• Family and community ties are strong and traditionally families often come together for an unhurried midday meal. A mid-afternoon siesta follows, a relaxing way to unwind over the day.

6 key Mediterranean foods and why they're good for you

1. Garlic

Renowned for its wonderful taste, garlic has also been shown to keep the blood flowing freely, help reduce cholesterol and improve the ‘flexibility' of the blood vessels.

In its raw form, garlic has been shown to have mild anti-bacterial properties, stopping the growth of harmful bacteria and yeasts.

2. Tomatoes

Tomatoes are big - splashed through pasta, sliced onto pizza or sun-dried in salads. Besides being a good source of vitamin C, tomatoes also contain their red colouring lycopene, an antioxidant which fight against oxygen's damaging effect on body cells. Cooking tomatoes and adding oil increases the absorption of lycopene into the body.

3. Red wine

Red wine contains antioxidants known as polyphenols and resveratrol and can increase the ‘good' cholesterol. It is enjoyed regularly with meals but in moderation.

4. Seafood

The thought of an Italian restaurant without its calamari, mussels or lemon sole is unimaginable. Fish and seafood dominate the Mediterranean diet and provide powerful omega-3 fats as well as protein and the minerals iodine and potassium.

Omega-3s are known to reduce the risk of heart disease, by lowering the amount of triglycerides (blood fats), thinning the blood, reducing blood pressure and preventing irregular heart beats (arrhythmia).

5. Pasta

When people think of pasta, the first thing that springs to mind is carbohydrate. The carbohydrate in pasta is low GI (slow digesting), helping to fill you up. Pasta is often thought to be "fattening", but it's the sauces served over the pasta that frequently provide more kilojoules than the pasta itself.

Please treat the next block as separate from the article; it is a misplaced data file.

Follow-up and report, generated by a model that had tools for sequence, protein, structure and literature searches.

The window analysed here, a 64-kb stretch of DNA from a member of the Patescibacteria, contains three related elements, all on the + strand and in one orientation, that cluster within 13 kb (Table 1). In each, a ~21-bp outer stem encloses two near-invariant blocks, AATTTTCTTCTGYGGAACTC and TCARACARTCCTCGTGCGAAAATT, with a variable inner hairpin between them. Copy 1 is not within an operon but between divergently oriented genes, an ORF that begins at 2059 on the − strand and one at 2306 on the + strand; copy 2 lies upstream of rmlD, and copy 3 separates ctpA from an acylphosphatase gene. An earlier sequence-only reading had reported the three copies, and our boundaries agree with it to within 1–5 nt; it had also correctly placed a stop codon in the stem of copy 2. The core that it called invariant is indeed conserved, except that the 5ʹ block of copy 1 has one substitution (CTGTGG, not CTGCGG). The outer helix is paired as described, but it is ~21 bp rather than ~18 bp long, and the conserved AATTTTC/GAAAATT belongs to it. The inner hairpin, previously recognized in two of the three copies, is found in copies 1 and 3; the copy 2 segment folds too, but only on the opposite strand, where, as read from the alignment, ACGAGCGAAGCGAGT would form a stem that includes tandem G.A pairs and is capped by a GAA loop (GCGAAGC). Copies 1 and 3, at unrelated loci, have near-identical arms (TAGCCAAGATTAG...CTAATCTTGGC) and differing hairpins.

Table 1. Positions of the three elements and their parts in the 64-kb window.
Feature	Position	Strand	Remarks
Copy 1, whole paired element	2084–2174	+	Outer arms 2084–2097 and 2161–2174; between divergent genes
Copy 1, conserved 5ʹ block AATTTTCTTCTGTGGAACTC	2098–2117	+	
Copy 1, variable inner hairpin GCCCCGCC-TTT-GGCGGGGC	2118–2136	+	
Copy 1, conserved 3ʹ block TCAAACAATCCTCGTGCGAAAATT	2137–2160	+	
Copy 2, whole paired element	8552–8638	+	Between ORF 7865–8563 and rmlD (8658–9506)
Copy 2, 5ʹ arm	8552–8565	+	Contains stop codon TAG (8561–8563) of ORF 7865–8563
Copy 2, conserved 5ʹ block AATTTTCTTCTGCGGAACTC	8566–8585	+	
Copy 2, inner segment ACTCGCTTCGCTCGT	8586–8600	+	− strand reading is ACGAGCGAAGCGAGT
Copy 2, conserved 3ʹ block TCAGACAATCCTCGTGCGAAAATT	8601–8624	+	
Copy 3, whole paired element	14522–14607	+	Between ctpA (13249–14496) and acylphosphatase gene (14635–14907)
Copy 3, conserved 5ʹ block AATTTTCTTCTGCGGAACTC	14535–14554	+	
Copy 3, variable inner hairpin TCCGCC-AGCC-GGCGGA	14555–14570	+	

For a meal that is filling, without being fattening, top your fettuccini the Mediterranean way - with tomatoes or tomato sauce, capsicum, zucchini or other vegetables, chick peas, seafood and fresh herbs like basil or oregano. Forget the cream and butter.

6. Olive oil

Olive oil has over 70 per cent monounsaturated fat, amongst the highest of all the oils (only macadamia gets close). And if you buy extra-virgin cold-pressed oil, it will also give you natural antioxidants such as polyphenols and carotenoids as well as some vitamin E.

Extra-virgin olive oil comes from the first pressing of olives - it's low in acidity and reserved for salads and dressing cooked zucchini or other vegetables. Yes you can cook with it but I wouldn't overheat it for long times as in shallow frying.

Pure olive oil is usually a mix of a little of extra-virgin and refined olive oil and is sold in large tins. We used to save this one for cooking but you're still getting a refined, bleached and deodorised oil without the benefits of extra-virgin. Don't use this one.

Catherine Saxelby

About the Author

Catherine Saxelby knows nutrition! She is an accredited nutritionist, food commentator, blogger and award-winning author. Her latest book Catherine Saxelby's Food and Nutrition Companion answers all those tricky questions on healthy eating, diets and supplements. It draws together a lifetime of advice and gives you all you need to know to eat right! It's a complete A to Z. A handy desk go-to reference.